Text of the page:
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Retired UNM physician to address India’s shift toward intolerance

Copyright © 2019 Albuquerque Journal

Dr. Aroop Mangalik presents “Politics and Paranoia: India from Gandhi to Modi” on Sunday, Aug. 13, at the Albuquerque Museum. It’s hosted by the Albuquerque International Association.

Is India moving from a secular society that respects all religion to one that is intolerant of beliefs other than Hinduism?

That notion will be the topic of discussion at the Albuquerque International Association’s meeting on Sunday at the Albuquerque Museum.

Aroop Mangalik – who served on the University of New Mexico’s Medical School faculty for more than 30 years – will be the featured speaker.

He experienced political tensions in the country before, during and after independence from Great Britain, and remains an observer of Indian politics since emigrating to the United States.

And he’s observed disturbing trends since charismatic Narendra Modi was elected prime minister in 2014.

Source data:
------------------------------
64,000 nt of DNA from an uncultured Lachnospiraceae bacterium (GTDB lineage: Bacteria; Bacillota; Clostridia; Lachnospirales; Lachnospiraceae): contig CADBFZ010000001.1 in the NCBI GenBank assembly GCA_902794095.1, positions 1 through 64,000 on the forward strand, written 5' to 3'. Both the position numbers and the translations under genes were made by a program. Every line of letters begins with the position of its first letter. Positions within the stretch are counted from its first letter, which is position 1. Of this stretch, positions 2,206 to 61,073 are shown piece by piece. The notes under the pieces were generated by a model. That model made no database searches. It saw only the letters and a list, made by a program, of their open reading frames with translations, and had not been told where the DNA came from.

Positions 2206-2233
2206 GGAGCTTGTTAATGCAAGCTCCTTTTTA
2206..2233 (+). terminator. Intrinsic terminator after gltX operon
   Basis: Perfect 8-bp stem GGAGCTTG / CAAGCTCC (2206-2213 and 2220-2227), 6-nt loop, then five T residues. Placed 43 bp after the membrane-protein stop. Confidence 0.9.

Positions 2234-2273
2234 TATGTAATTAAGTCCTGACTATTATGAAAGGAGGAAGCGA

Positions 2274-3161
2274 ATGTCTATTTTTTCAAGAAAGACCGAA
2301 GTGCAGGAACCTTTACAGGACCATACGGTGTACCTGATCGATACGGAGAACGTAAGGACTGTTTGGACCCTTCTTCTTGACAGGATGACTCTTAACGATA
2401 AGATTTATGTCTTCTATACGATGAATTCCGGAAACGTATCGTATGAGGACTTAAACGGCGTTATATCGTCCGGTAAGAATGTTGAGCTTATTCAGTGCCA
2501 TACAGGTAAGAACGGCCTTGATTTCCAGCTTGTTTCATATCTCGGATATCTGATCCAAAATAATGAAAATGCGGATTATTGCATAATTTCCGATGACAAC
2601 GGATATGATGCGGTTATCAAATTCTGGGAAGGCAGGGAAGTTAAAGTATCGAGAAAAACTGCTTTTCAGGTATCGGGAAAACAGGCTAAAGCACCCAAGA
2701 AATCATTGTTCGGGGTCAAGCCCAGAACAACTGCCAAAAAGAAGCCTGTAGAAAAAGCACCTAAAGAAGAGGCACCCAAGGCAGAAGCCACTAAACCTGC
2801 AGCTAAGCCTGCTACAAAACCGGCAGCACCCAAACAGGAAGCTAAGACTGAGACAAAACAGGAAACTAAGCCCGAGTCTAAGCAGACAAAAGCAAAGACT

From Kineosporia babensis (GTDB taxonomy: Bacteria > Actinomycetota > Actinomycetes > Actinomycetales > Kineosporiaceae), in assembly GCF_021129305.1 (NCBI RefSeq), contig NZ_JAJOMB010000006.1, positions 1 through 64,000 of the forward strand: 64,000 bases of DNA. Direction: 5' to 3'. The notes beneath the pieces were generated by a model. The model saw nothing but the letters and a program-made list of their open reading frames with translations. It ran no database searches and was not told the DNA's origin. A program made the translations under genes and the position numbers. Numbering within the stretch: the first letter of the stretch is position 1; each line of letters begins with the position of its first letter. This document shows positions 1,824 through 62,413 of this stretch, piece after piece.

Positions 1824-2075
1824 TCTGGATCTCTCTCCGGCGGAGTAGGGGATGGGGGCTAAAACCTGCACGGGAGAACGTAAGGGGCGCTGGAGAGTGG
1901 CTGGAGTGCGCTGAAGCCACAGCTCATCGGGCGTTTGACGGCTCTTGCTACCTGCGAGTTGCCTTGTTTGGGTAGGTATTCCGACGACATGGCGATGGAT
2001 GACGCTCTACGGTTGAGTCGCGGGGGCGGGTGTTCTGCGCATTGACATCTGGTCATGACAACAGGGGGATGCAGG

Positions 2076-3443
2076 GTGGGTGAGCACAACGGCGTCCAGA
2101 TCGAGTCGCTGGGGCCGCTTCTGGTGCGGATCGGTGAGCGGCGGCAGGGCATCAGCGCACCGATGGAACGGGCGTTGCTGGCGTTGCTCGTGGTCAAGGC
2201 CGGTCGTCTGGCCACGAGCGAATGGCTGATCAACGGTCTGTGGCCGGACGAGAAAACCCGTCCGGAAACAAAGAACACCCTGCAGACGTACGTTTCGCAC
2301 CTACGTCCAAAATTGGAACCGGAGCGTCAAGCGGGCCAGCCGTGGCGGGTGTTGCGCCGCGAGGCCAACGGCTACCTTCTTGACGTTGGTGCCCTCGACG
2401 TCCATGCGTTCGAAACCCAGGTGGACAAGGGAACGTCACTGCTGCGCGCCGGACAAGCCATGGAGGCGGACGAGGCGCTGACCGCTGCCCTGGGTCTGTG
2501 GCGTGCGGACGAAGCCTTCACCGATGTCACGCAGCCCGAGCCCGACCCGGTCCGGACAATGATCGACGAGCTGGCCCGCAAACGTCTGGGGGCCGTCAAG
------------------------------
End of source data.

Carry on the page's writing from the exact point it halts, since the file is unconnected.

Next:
He said Modi swept to power on a campaign against corruption in government – which he said was rampant under the National Congress Party – and a platform to bring economic prosperity.

“He has not improved the economy,” Mangalik told the Journal. “The economy in the country is still stagnated. But in the five years, he’s used his charisma and methodology to become powerful. He now controls all of the branches of government.”

He said the courts are now filled with people who support the prime minister’s agenda.

“He’s also taken control of the universities,” Mangalik said.

Modi wants India to be a Hindu country as opposed to a secular country, he said.

“He had this ideology, but didn’t express it when he was campaigning,” Mangalik said. “Once he got into power, he has shown his true colors.”

He said dissent is not acceptable since Modi came to power.

Mangalik said bigotry against the practice of other religions – mainly Islam and Christianity – is on the rise.

He also said the brand of Hinduism being pushed by Modi’s government is not the Hinduism “Americans understand in terms of Hindu philosophy … being a religion of peace.”

“This Hinduism is very bigoted, very anti-Muslim,” Mangalik said.

Elections are held every five years and Modi was recently reelected. And even though corruption also remains in Modi’s government, Mangalik expresses little hope that the prime minister will be swept out of power soon.

“The Congress Party has been decimated,” Mangalik said. The former ruling party had been led by the same family for four generations before being defeated.

Mangalik said 60% of parliament was under Modi’s party’s control.

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